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A mosquito trap is a contraption which is designed to trap mosquitoes. Usually, mosquito traps kill their victims, although some are designed for live trapping. These traps are used for pest control around homes, gardens, businesses, and so forth, and they are also sometimes used by public health departments and other agencies for research. The collected mosquitoes can be counted and tested for disease to gather information about the local insect community. Many hardware and garden supply stores sell mosquito traps, and some people like to make their own, using bottles filled with soda or other sweet solutions to attract and trap mosquitoes.
The design of a mosquito trap can work in several ways. Classically, mosquito traps are containers which are difficult to escape. The mosquitoes are lured in with bait or a bright light, and they find themselves unable to get out. Other traps are electrified, killing the mosquitoes with an electric shock when they enter the trap. Some are coated in sticky materials like flypaper, while others have chemicals which poison or disorient the mosquitoes.
Depending on the design, a mosquito trap may be disposable, in which case the user dumps it in the garbage when it fills, or reusable. Reusable traps pull apart so that they can be emptied, cleaned, and then reset to catch more mosquitoes. In addition to mosquitoes, many mosquito traps also snare other insect victims, and they can sometimes provide an interesting cross-section of local insect life, for people who care to examine their contents.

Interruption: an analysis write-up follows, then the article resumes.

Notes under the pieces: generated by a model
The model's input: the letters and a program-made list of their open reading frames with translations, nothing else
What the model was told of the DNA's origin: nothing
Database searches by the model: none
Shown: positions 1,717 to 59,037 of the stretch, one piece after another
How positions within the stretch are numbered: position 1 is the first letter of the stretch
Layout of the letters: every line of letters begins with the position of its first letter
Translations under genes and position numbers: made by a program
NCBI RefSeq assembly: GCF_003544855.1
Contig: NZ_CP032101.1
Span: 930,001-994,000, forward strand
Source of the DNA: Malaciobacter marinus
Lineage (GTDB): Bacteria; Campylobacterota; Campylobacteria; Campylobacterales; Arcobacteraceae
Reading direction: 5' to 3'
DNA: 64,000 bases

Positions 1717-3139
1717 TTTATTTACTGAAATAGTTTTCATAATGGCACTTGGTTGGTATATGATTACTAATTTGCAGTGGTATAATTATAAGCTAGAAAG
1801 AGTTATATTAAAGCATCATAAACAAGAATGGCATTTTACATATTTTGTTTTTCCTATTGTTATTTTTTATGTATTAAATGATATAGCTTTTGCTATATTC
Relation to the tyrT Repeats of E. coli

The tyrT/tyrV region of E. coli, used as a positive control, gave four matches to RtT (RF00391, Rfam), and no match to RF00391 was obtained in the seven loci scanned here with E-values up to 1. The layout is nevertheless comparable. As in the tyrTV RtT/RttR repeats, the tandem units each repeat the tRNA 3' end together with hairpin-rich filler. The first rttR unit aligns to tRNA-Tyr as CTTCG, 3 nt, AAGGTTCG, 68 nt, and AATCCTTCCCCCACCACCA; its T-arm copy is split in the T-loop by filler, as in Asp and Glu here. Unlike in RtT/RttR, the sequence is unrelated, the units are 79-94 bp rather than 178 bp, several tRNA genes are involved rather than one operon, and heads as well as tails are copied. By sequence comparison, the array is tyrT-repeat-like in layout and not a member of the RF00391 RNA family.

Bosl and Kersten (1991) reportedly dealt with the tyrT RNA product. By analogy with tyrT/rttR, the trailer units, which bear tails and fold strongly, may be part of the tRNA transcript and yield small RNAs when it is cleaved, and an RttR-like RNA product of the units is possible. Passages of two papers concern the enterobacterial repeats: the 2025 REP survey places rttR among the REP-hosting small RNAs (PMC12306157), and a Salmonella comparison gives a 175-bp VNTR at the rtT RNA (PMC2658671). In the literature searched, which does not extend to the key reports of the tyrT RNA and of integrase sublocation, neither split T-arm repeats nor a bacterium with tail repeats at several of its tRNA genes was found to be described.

Around homes and gardens, a mosquito trap can be a very useful tool. In households where residents like to entertain outdoors, mosquitoes and other insects can be major pests. By constantly trapping mosquitoes, a mosquito trap keeps the insect population down, requiring less use of pesticides, citronella candles, and other control techniques. Using a mosquito trap also reduces the risk of disease by eliminating insects which can carry disease.
In some communities, scientists and public health department officials may set out mosquito traps for the purpose of studying the local insect population. These traps are often clearly labeled so that people know that they should be left alone, and periodically, an official will collect the contents of the trap for study. The insects will be tested for disease to determine which diseases are endemic in an area, and to test for the spread of insect-borne diseases like West Nile Virus.
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